• Stair climb
• N=3 (women)

Results
•
•
•
•

Good reliability (test-retest)
Neurological & musculo-skeletal disease
Gender or sex??
Use of aids (ie, cane, wal...
•
•
•
•
•
•

Feasibility
Normative data for power?
Power vs strength
Differences between men and women
Performance of part...
• Muscle strength
• Muscle power
• Feasibility
• Approach to training?
• Specificity!!

Summary
Tufts research slides s14
Tufts research slides s14
Tufts research slides s14
Tufts research slides s14
Tufts research slides s14
Tufts research slides s14
Tufts research slides s14
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Tufts research slides s14

  1. 1. Aging Research at Tufts University Fiatarone et al., 1990 Bassey et al., 1992
  2. 2. • Effects on Skeletal Muscle • JAMA, 1990 High-Intensity Strength Training in Nonagenarians
  3. 3. • • • • Biologic aging (??) Disease Sedentary lifestyle Nutritional inadequacies • All related to type II fiber atrophy • Intervention? • Weakness Rationale Falls
  4. 4. To determine • Feasibility • Physiological consequences • High-resistance strength training in the frail elderly Aims
  5. 5. • • • • • Long term care facility (“nursing home”) Ambulatory Not acutely ill Follow instructions No unstable disease Participants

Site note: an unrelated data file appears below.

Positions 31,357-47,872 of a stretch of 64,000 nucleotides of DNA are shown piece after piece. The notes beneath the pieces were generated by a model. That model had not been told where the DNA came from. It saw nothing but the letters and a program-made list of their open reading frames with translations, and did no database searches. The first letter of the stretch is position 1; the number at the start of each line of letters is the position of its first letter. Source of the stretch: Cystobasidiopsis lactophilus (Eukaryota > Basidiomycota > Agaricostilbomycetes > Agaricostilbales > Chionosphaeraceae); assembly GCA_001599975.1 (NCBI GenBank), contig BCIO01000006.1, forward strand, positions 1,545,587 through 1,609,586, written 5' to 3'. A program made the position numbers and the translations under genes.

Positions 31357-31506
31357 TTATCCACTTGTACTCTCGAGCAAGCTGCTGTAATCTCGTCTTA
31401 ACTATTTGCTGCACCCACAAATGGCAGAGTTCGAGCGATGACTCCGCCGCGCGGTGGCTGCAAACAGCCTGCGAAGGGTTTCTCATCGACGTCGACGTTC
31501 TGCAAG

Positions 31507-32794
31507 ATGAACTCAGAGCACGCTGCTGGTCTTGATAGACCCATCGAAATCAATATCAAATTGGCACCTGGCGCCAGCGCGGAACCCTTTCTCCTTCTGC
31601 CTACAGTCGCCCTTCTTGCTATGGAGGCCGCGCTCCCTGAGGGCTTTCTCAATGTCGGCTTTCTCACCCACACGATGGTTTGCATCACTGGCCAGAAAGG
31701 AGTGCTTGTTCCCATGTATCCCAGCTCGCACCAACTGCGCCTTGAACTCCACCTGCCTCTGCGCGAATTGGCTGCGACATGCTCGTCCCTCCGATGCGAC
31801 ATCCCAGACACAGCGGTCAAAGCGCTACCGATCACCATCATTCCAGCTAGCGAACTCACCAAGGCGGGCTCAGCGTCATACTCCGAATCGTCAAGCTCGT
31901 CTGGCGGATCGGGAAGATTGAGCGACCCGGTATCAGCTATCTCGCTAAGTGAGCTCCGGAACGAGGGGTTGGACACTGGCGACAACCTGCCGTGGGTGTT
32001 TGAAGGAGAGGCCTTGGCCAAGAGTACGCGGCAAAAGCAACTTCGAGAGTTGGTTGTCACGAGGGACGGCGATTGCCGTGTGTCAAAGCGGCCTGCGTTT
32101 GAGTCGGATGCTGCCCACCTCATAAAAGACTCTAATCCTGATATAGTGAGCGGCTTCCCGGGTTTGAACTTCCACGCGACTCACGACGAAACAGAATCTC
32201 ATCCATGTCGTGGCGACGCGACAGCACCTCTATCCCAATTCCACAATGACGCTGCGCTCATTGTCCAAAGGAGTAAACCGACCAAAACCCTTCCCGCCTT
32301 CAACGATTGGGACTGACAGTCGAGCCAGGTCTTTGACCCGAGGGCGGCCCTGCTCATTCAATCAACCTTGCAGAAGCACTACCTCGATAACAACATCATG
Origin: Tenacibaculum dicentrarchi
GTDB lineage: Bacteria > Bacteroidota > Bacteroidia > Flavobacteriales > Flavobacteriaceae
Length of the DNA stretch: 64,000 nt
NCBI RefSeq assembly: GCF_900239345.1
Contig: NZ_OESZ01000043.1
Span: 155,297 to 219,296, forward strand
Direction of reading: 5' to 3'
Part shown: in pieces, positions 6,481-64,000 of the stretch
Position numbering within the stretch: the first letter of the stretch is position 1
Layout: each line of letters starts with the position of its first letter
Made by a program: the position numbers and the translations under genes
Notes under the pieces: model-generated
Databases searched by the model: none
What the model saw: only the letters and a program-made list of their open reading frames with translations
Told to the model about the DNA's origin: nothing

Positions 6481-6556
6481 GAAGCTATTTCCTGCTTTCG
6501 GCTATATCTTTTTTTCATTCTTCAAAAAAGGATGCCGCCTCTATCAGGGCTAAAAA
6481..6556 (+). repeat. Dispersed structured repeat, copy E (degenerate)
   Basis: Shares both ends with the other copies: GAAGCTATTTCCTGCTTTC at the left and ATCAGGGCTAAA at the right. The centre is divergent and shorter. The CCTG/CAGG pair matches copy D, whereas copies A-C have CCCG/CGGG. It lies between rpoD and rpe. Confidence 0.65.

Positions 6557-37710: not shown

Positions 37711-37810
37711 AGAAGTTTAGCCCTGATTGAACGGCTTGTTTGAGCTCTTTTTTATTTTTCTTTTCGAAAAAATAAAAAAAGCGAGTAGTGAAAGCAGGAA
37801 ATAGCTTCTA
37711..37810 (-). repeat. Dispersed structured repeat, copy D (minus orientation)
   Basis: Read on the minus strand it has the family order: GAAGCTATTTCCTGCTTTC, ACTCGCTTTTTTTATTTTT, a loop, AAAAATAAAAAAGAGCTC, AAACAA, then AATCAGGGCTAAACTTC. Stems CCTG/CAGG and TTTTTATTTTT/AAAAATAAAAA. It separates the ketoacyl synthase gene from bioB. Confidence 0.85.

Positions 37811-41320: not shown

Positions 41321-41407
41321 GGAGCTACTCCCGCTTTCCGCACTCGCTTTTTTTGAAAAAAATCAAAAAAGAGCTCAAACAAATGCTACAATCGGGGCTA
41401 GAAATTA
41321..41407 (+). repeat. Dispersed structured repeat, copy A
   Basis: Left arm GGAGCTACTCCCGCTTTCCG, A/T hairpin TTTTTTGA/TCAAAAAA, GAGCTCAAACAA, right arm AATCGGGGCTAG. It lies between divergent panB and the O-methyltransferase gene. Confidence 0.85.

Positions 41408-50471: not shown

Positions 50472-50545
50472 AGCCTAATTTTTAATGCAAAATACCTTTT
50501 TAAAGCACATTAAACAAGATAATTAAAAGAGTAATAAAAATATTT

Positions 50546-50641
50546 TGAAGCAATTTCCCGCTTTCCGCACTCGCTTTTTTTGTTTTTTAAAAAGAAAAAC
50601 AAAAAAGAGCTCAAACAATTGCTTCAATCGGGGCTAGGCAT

6. 6. Characteristic Age (y) F Mean±SEM 90.2 (1.1) 6 M Length of stay (y) Hx of falls Use of assistive device Chronic dz/person Daily meds/person 4 3.4(0.8) 8 7 4.5 (0.6) 4.4 (0.8) Range 86-96 0.7-8.3 2-7 0-9 Participant Characteristics (Table 1.)
  7. 7. • Body composition • Total and regional • Diet records • 1RM • Safety measures • Functional mobility Measures
  8. 8. • • • • 8 weeks Con/Ecc leg extension 3 x/wk 3 sets of 8 • 6-9 seconds • 1-2 min rest • 80% 1RM • 2 & 4 weeks of detraining Training
  9. 9. • Level of care • Excluded • MI • Fracture • Behavioral • Arthritis Results: Participants
  10. 10. • 40% signs of under nutrition • FFM higher in men than in women • SSkFs highly related to BF% (r=0.89, P<.001) • Regional muscle area highly related to total body FFM (r=.98, P<.0001) Results: Participants
  11. 11. • Right leg: 9.0±1.4 • Left leg: 8.9±1.7 • Corr with FFM (r=.732; P<.01) • Corr with thigh muscle area (r=.752, P<.01) • Dietary intake • Chair stand 2.2±0.5 sec • 6m walk time 22.2±4.6 sec • Both related to 1RM (how?) Results: Baseline Muscle Function
  12. 12. • • • • 9 of 10 completed protocol 98.8% attendance No CV complications Minor joint discomfort Response to Training